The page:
To increase measurement accuracy, over-the-counter tests are available to measure urine specific gravity and osmolality.  General guidelines by the American College of Sports Medicine suggest that first-morning urine specific gravity less than 1.020 or urine osmolality less than 700 mOsmol/kg generally indicate adequate hydration.  It is important, however, that these tests be used properly—in careful compliance with the manufacturer’s instructions and consistent with your health care professional’s guidance. For example, changing the time of day your test is performed can significantly affect measurements. Moreover, these tests constitute a limited proxy of overall hydration, particularly as it applies to athletic performance, so there isn’t one absolute measured value that necessarily indicates optimal hydration for every person under all conditions and circumstances.

Nonetheless, in consultation with your health care provider, these assessment tools can be very helpful to establish personalized baselines for proper fluid and electrolyte intake and develop an individualized hydration management plan that optimizes both health and athletic performance.

What to Drink and When

Fluid needs are specific to each individual. However, there are a number of general recommendations that might help. Reminder: Consult your health care provider before using any specific recommendations to adjust your fluid and electrolyte intake, especially if you have health conditions.

  • Consume 5–10 ml/kg of fluids two to four hours before a workout or competition. A 150-pound person weighs 68.2 kilograms. The low end of the recommended pre-workout range for this person can be calculated by multiplying 68.2 by 5 to get 341 milliliters. To covert to fluid ounces, divide that number by 29.57 to get 11.5 ounces. The high end of that range would be 23.1 ounces.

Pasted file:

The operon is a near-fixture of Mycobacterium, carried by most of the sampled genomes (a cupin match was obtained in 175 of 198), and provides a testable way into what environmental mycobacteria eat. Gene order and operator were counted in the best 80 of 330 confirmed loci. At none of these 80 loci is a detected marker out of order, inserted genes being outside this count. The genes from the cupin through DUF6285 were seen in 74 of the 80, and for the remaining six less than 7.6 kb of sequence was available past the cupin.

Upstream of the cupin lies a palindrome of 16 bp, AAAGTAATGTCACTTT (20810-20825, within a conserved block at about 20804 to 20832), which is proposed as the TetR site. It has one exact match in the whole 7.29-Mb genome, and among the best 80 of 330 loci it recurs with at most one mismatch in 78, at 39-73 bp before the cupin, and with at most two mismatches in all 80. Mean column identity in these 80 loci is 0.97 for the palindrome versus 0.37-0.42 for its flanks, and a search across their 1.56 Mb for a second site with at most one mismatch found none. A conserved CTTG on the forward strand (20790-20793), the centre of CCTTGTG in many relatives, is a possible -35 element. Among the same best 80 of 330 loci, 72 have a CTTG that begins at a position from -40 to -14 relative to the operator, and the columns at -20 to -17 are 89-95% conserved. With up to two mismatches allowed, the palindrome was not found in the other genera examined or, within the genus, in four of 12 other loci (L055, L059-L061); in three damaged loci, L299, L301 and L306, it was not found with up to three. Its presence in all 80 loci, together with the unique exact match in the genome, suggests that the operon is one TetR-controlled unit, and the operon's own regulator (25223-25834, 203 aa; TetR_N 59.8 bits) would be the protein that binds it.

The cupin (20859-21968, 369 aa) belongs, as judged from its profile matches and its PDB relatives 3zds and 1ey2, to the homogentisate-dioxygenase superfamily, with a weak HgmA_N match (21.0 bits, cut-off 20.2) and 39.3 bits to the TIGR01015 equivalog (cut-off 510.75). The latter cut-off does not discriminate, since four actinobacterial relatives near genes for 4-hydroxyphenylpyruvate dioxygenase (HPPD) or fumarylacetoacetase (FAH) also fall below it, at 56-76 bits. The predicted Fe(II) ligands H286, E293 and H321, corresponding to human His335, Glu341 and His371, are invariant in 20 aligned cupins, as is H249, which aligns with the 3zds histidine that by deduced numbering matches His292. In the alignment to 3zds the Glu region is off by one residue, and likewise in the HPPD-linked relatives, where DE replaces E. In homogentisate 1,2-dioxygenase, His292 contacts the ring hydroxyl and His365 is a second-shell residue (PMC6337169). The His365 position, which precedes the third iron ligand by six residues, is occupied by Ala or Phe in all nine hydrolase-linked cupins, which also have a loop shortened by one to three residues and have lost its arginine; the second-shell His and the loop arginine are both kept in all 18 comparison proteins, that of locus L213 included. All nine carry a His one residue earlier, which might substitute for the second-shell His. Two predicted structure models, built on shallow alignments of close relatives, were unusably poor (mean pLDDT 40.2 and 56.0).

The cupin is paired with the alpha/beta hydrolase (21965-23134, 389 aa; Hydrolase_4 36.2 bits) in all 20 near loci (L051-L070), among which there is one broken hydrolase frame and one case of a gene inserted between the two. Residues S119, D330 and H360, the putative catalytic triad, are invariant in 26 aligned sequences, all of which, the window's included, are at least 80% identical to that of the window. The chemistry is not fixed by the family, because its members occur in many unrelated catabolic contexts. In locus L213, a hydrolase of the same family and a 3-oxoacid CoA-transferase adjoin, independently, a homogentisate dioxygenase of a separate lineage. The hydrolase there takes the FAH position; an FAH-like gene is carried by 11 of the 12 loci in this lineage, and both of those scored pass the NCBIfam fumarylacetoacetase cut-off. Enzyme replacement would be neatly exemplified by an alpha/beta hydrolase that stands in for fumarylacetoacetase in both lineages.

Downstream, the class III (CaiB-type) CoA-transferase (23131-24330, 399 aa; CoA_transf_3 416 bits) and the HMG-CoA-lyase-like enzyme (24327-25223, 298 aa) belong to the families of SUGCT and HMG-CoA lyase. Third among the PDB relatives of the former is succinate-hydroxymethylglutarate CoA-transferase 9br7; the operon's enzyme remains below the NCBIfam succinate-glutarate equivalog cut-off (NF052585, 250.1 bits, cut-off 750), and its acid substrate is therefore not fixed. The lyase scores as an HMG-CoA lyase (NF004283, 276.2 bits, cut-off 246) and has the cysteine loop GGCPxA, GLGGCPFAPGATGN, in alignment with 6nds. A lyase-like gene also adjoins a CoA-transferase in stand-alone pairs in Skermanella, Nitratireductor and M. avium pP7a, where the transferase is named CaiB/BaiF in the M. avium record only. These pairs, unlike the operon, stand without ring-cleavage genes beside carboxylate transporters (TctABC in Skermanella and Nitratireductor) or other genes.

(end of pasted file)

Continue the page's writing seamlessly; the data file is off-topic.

• Consume drinks and foods containing carbohydrates and electrolytes before and during your workout to ensure adequate energy, fluid, sodium, and potassium intake, especially if your physical activity will last 60–90 minutes or longer. You can do this by drinking something with balanced electrolytes and a carbohydrate content of 6–8 percent or consuming carbohydrate-, sodium-, and potassium-containing snacks with water.
  • After a workout, consume foods and beverages containing sodium and other electrolytes and carbohydrates to help you rehydrate and aid in overall recovery. You can also consider adding protein, especially proteins which contain a high amount of the amino acid leucine, to help with muscle growth.
  • Maintain proper fluid and electrolyte intake throughout the day by consuming flavoreddrinks in addition to water (within the parameters of a healthy diet), drinking small amounts of fluid throughout the day, salting food to taste to encourage additional fluid and electrolyte consumption (as appropriate to individual sodium requirements), and having a drink available during meals and snacks.

Adequate hydration depends on many individual factors. Knowing what’s right for you given your personal training objectives and medical history is critical to making—and following—a plan that’ll contribute to both a healthy lifestyle and optimized athletic performance. Personalization is key to optimal hydration.


  • Health and Nutrition